2022-07-08 Walk to the Rocks Field Trip

Walk to the Rocks:  Geology of Tamanowas  Rock and Peregrine’s Rock, Chimacum, WA

The Trip—Lead by the QGS Rockstars

Tamanowas  Rock

On Friday, July 8, 2022, the QGS Rockstars (four of our geologists) will lead a 4-mile, 4-hour hike (11AM—3PM) from HJ Carroll County Park near Chimacum to the Tamanowas Rock Sanctuary, then up on top of Tamanowas Ridge to see Peregrine’s Rock.

The hike can be vigorous, steep, and rough in parts and is tailored to agile citizen scientists who are already knowledgeable about geologic principles and vocabulary. Subjects to be discussed include the glacial history of the Quimper Peninsula, specifically Chimacum Valley, glacial erratics on the Peninsula, and the geology of the underlying Eocene volcanic rocks. Tamanowas Rock is a special part of this story and a sacred place of the S’Kallum people.  Tamanowas Rock is the remnant of an explosive volcano that erupted about 43 million years ago.  It is comprised of Adakite, an unusual type of lava that forms under anomalously high temperatures when a subducted oceanic plate starts to melt.

Peregrine’s Rock, man for scale

Conversely, Peregrine is a glacial erratic named by Erik Nagel, a participant in our Great Erratic Challenge two years ago. It currently is the largest erratic documented on the Quimper Peninsula. The Rockstars are currently preparing a concise, illustrated guidebook (pdf), which will be emailed to all attendees in early July.  The field trip is limited to 50 hikers and requires advance registration (by snail mail) and a $15 fee (by check).  Deadline for RECEIPT of your form and check is Friday, July 1.  Those who register but exceed our limit may request to be placed on a wait list. The trip will run no matter the weather conditions, since the Rockstars will have travelled long and far to lead this trip.  Click on the the registration button below to download the required form.



2021 Geology of bluff along North Beach, Fort Worden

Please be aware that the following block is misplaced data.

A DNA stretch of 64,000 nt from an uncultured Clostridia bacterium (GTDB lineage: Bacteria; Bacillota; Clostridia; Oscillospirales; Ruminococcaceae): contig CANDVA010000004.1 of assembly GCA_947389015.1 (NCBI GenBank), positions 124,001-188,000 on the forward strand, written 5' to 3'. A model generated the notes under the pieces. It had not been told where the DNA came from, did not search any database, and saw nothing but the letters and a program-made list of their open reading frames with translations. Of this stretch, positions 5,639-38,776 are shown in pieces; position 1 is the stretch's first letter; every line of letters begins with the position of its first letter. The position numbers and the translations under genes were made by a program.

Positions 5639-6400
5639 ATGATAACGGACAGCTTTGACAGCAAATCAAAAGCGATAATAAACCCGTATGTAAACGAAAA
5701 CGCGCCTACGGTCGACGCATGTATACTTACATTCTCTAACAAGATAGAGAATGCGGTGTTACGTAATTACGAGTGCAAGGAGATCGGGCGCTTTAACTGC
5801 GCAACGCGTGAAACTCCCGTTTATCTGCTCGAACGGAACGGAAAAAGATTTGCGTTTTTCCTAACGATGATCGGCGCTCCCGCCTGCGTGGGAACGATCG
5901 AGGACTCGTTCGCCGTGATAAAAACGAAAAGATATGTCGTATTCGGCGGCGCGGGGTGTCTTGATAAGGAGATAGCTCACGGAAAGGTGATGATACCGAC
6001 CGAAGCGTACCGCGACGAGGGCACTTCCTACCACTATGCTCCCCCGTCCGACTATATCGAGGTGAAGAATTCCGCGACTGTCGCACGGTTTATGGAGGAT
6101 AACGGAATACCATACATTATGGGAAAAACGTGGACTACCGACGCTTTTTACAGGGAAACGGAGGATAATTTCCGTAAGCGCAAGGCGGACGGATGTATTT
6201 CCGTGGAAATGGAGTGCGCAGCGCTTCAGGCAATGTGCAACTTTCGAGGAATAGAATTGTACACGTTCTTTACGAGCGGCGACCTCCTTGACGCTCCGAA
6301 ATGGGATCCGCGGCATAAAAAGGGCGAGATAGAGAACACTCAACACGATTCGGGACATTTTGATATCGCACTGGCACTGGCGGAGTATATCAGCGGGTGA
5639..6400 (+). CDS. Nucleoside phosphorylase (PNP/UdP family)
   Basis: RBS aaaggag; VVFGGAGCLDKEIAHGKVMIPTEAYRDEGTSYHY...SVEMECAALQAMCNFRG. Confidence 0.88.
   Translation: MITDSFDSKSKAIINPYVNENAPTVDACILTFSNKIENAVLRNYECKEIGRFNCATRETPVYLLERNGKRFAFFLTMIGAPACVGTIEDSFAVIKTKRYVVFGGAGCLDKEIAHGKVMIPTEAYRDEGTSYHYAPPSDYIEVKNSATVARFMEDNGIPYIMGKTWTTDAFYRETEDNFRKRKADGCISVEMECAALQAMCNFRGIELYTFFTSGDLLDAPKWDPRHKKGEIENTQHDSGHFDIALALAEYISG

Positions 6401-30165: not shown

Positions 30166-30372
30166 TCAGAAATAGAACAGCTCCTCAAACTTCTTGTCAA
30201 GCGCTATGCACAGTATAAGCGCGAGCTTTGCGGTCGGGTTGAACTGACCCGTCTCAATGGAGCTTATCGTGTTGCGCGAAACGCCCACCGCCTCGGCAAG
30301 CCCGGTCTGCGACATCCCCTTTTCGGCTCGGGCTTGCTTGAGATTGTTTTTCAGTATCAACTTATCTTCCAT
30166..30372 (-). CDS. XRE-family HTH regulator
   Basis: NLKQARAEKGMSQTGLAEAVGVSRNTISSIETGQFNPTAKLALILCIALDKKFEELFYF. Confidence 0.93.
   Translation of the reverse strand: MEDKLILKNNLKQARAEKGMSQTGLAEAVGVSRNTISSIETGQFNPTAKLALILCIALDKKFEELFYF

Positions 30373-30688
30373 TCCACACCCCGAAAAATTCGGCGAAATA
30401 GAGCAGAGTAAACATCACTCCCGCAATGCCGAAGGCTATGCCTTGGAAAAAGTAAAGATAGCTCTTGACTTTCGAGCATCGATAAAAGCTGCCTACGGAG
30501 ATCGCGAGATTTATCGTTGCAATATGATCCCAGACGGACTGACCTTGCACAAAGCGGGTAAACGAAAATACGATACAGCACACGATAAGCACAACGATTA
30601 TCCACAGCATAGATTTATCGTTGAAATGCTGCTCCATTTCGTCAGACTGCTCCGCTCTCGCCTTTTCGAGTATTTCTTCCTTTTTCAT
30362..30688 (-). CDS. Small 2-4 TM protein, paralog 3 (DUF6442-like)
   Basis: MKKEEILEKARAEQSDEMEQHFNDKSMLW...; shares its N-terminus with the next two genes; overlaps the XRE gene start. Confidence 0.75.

Guide to the Geology of the Bluff along North Beach, Fort Worden

Have you ever looked up at the bluffs while walking along the beach at Fort Worden and wondered how the layers formed?  If so, you’ll want to use this self-guided tour of the North Beach bluff from Fort Worden to North Beach parking lot to learn about what you see.

This long-version of our recent guides describe the geology along a one mile stretch of the north shore, extending westward from Point Wilson at Fort Worden State Park. The walk is less than a mile one way.

The geologic interpretations will provide you with a concise understanding of these beautiful Pleistocene glacial deposits… Have fun and save your questions for the next Quimper Geological Society talks.

2021 Summer Geology Beach Guides–North Beach, Port Williams, & Nodule Point

2021 Summer—Three Geology Beach Walks and Detailed Guides

We led three different beach walks where you can learn more about the geology and sediments that form the bluffs and supply the beaches. Each trip ran twice.  Because of parking and logistical difficulties, attendance was limited to about 20 participants for each trip. Field trip guides are available for downloading.  This are preliminary and dynamic; we may update them as more information becomes available.


  • Where: Meet at Fort Worden in the parking pad south of Battery Kinzie for a two-hour walk. State parks pass required to park here.
  • What: On the one-mile walk west towards North Beach county park, we’ll see a wide variety of glacial deposits including outwash and marine sediments, a peat layer, a “buried” forest, and glacial erratics on the beach. All are well exposed in a steep bluff at sea level. Generally, we walk up section (through younger deposits to the west). There are various return routes.
  • Leader: Kitty Reed, retired geologist, and several assistants.
  • For: Persons with limited geology background, easy walking across some bouldery section of beach.
  • To download the guide, click this link.


  • Where: Meet at Port Williams, NE of Sequim for a two-hour walk. Carpooling recommended; small parking lot at this county park.
  • What: We’ll see glacial deposits, including Vashon till and Possession drift, various outwash deposits, and locally derived alluvium of the Dungeness River. All are well exposed in a steep bluff at sea level.
  • Leader: Kitty Reed, retired geologist, and several assistants.
  • For: Persons with geology background. This is the least known of the three areas we’ll visit this summer. We invite active discussion. Generally easy walking
  • To download the guide, click this link (not yet active 9/12/2021).


  • Where: Meet at the East County Beach Park,  NE of Nordland on Marrowstone Island for a four-hour walk. Carpooling strongly recommended for this small (8-10 car) parking lot.
  • What: On the four-mile walk to the Point and back, we’ll see Vashon glacial till, outwash deposits, and glacial erratics. All well exposed in a steep bluff at sea level and on the beach. At the point, well see sandstone of Scow Bay, a basalt dike that intruded the sandstone, and many cemented sandstone concretions (not nodules, despite the point’s name). They are worth the long walk.
  • Leader: Michael, retired geologist, and several geohelpers.
  • For: Persons with limited geology background. This is the only walk that encounters bedrock of the three areas we’ll visit this summer.  Moderate walking across some bouldery beach, your shows will get wet.
  • To download the guide, click this link